From the New Zealand TV Weekly. March 13, 1967


Producer Michael Devine busy with a new series for the small fry, titled The We Three Show. Auditions sifted out the trio of comperes from scores of applicants. Oddly enough, all three were born in England. They are Simon Bates, who is lined up for the lighter side of the shows; Rhys Jones, the leading roles; and Carol Hill, who has had a tiny bit of previous TV experience on the Dunedin Music Hall series. . . . . Scripts for the series are to be written by a consistent NZBC, contract contributor, Al Flett, who can claim the unique distinction of being the writer of the first TV play produced here. It was titled All Earth to Love. . . . . Flood of criticism which followed the first week or two of the more austere Town and Around evidently had its effect. There has been a swing back to a more relaxed and livelier format which has helped bring back the old Zing. . . . . Brian Elaste and Joyce Cronin gave AKTV2 strong representation on the judging panel for the Miss Auckland contest. . . . . The Maria Dallas Golden Girl shows have been so well received that other popsters are wondering whether they wouldn't be wise to drop a lot of their acrobatic gimmicks and way out clothing. . . . . Overseas TV teams continue to arrive just about every week and the New Zealand tourist image must be getting a big boost from their activities. Makes one wonder whether some of the local private producers could not do more in the way of selling to export markets . . . . Hunting-fishing-shooting buffs in the States should get an envious eyeful of our sports attractions through the coverage done by a Four Seasons telly team.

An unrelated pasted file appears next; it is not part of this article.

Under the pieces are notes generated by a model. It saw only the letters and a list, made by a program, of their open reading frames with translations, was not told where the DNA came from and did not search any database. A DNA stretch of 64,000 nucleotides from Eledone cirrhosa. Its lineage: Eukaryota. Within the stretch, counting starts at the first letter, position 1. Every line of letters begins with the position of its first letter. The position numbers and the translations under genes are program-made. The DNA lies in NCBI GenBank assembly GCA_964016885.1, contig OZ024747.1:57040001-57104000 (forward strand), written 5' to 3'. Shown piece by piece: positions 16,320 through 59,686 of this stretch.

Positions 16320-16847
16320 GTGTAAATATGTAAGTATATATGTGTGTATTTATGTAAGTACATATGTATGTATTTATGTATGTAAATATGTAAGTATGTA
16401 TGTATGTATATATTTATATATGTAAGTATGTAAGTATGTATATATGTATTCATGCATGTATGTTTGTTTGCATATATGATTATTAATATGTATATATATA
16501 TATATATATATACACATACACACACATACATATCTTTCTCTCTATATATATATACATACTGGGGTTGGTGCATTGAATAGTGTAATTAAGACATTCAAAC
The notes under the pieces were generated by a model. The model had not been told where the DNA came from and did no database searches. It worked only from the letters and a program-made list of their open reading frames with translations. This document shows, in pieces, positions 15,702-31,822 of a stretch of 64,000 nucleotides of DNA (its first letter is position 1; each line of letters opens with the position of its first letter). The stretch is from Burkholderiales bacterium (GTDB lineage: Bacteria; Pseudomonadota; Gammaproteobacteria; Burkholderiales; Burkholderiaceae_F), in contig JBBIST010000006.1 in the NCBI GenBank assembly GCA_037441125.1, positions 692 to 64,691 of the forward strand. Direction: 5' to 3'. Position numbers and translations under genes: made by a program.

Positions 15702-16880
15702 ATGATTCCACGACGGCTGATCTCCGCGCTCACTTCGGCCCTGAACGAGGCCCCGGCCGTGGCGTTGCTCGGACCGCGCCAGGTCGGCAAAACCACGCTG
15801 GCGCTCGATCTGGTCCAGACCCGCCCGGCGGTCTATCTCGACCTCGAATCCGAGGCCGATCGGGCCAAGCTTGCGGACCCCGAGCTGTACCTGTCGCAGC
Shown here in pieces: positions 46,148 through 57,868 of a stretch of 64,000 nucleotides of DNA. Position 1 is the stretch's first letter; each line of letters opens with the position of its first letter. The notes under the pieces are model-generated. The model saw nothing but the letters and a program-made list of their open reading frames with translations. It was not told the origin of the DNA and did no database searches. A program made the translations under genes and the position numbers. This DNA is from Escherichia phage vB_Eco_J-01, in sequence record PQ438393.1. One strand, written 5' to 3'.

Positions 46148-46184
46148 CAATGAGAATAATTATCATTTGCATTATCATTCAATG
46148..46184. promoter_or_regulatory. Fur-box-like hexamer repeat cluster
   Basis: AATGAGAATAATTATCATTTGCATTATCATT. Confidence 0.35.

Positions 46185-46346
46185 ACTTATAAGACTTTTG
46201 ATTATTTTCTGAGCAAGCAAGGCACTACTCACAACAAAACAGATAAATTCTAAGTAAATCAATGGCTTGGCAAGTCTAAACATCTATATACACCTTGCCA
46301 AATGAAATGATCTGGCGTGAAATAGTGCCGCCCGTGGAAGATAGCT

Wellington continues to show its own distinctive individuality in its television viewing, preferences (on which we have commented before). Where other channel viewers rated Black and White Minstrel Show number two, Wellington put it only fourth. But the moslt interesting rating was for NZBC Reports, still number three in Wellington, number five in Auckland, Christchurch and ninth equal in Dunedin. One suspects that with head office in Wellington, the news service puts its best foot forward on the local channel. . . . . Some of the best local programmes seen in the week this is written were those on which Austin Mitchell and Bill Carter interviewed Herbert Bowden, touring British Cabinet minister, and the panel on the economic situation. . . . . Translators installed in some "blind spots" in the capital's suburbs appear to be giving viewers an excellent picture. The translators were installed in areas not reached by the powerful Mt. Kau Kau transmitter. One Karori resident found that he received a better picture with a one-prong indoor aerial on Channel 8 than with the outdoor antenna calling in the signal from the old Mt. Victoria transmitter. Still, it will be surprising if it is all compliments, no complaints. . . . . The series of Danger Man now screening (and top of the popularity list on all channels) will run through to the end of April. Meanwhile another series of Z Cars is due to start.